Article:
NSA Director Says More Domestic Surveillance Might Stop Foreign Hacking; Fails To Explain Why NSA Isn't Stopping Much Foreign Hacking
from the what-if-we-just-did-the-thing-we-already-do-but-not-through-the-back-door dept
Never let a good crisis go to waste. The federal government is always on the lookout for expansion opportunities and a bad actor known colloquially as “Current Events” keeps handing the government what it’s looking for.
On January 6th, a bunch of Trump fans, who thought it was possible to overturn certified election results, raided the Capitol building. Five people, including a Capitol police officer, died during the attack. This horrific event was turned into a chance to increase domestic surveillance by the incoming president, who threatened Americans with the sort of good time they’ve been afflicted with since October 26, 2001.
Domestic terrorism legislation was an administration “priority,” something that would free investigative and intelligence agencies to turn their surveillance programs inward and more directly target US citizens.
The blockbuster breach of widely-used SolarWinds network software affected dozens of federal agencies and millions of users around the world. In response to this travesty, the director of the NSA and its military counterpart CYBERCOM (Cyber Command) floated the idea of allowing the NSA (and others) to gaze inwardly at the country’s moving (computer) parts. Here’s Spencer Ackerman, writing for The Daily Beast:
“We truly need to look at the ability for us to see ourselves and right now it’s difficult for us to see ourselves,” [General Paul] Nakasone testified on Thursday to the Senate Armed Services Committee. Adversaries like China and Russia “are operating with increased sophistication, scope [and] scale, including operations that can end “before a warrant can be issued,” he warned.
“If we have a problem where we only see our adversaries when they operate outside of their country and we don’t see them when they operate inside our country it’s very difficult for us to be able to—to, as I say, connect those dots,” Nakasone said. “That’s something that—that the administration and obviously, others are addressing right now.”
The NSA thinks it doesn’t have enough visibility. And it’s true, information sharing has long been an intergovernmental problem. Information sharing between the government and private companies has also been less than ideal, largely due to the fact that the government demands more than it’s willing to share — and that includes known exploits and bugs it’s currently using to engage in worldwide surveillance.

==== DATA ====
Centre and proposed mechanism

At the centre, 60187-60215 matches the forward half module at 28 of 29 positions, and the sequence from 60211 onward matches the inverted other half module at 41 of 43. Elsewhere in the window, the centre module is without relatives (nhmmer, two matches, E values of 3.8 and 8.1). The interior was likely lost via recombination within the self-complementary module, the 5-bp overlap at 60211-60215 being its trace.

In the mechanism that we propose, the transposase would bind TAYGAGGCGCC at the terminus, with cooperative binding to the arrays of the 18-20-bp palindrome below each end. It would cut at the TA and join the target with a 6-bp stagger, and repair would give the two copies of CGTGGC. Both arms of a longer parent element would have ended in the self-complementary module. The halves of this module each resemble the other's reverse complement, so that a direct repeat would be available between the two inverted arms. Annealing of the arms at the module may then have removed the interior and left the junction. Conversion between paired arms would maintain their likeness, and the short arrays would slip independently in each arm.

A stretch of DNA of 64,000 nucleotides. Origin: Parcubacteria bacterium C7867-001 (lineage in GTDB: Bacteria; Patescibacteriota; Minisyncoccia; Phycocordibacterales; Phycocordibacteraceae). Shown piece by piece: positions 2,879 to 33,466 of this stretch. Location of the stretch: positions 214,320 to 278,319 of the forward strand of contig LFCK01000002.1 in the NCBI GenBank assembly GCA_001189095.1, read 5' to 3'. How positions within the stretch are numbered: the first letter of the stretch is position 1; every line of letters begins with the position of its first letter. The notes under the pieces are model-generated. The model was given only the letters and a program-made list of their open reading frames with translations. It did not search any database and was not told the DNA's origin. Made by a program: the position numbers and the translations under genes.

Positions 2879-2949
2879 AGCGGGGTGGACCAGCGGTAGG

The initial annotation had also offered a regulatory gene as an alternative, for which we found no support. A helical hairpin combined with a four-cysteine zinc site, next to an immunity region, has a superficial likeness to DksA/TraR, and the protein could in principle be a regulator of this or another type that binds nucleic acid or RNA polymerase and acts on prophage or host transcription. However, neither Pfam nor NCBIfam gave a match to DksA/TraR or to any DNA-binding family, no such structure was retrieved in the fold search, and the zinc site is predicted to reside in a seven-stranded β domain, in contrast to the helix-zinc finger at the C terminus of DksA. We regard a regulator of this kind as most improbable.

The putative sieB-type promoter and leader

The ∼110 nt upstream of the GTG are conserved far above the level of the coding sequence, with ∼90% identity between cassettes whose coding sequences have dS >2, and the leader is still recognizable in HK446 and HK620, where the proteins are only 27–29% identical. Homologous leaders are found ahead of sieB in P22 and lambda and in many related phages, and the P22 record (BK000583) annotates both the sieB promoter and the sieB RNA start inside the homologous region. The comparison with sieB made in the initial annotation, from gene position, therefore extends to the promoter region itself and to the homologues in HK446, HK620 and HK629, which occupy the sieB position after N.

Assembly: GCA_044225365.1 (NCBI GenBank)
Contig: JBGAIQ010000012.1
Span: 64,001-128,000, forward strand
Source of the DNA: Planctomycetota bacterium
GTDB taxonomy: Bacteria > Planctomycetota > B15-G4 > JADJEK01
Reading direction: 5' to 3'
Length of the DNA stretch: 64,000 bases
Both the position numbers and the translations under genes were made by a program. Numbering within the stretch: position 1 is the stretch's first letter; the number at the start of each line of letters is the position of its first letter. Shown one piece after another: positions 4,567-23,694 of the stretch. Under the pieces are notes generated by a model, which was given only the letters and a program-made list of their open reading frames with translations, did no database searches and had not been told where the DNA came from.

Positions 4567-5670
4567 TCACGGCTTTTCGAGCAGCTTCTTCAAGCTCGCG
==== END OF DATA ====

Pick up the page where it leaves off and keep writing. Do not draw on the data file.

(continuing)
What Nakasone is suggesting sounds like domestic surveillance of private networks to potentially thwart attacks and root out persistent threats. That doesn’t sound much like America though. And there’s no reason to believe the NSA and DoD are better qualified to do this job than the private sector. The NSA and others have suffered their own security breaches and carelessly handled sensitive tools/information. Giving up privacy (and some security) for nominal gains in “visibility” would be a really bad idea.
For what it’s worth, the NSA quickly walked back Nakasone’s statement… at least as much as it could. It claimed its director was not “advocating” for “additional authorities.” That may be true but dropping this hint in Congressional testimony is a handy way to submit a P.O. for a larger Overton Window for the NATSEC corner office.
But, more to the point, Nakasone’s testimony did not contain anything that should give anyone confidence the NSA is up to the task of thwarting foreign cyberthreats.
Nakasone did not testify that NSA or CYBERCOM was able to detect malicious campaigns like SolarWinds or Microsoft Exchange abroad before they entered American digital infrastructure, making it questionable whether expanding such detection across the domestic internet would be effective.
Hindsight is 20/20. Foresight appears to be almost nonexistent, even with the tech tools the NSA has at its disposal. If it couldn’t mitigate the damage before it turned federal agencies into unwitting honeypots for data exfiltration (and that includes the supposed securers of the Homeland, the Department of Homeland Security and its cybersecurity branch), it shouldn’t be given all access passes to domestic networks under the theory that it might be able to do marginally better with greater “visibility.”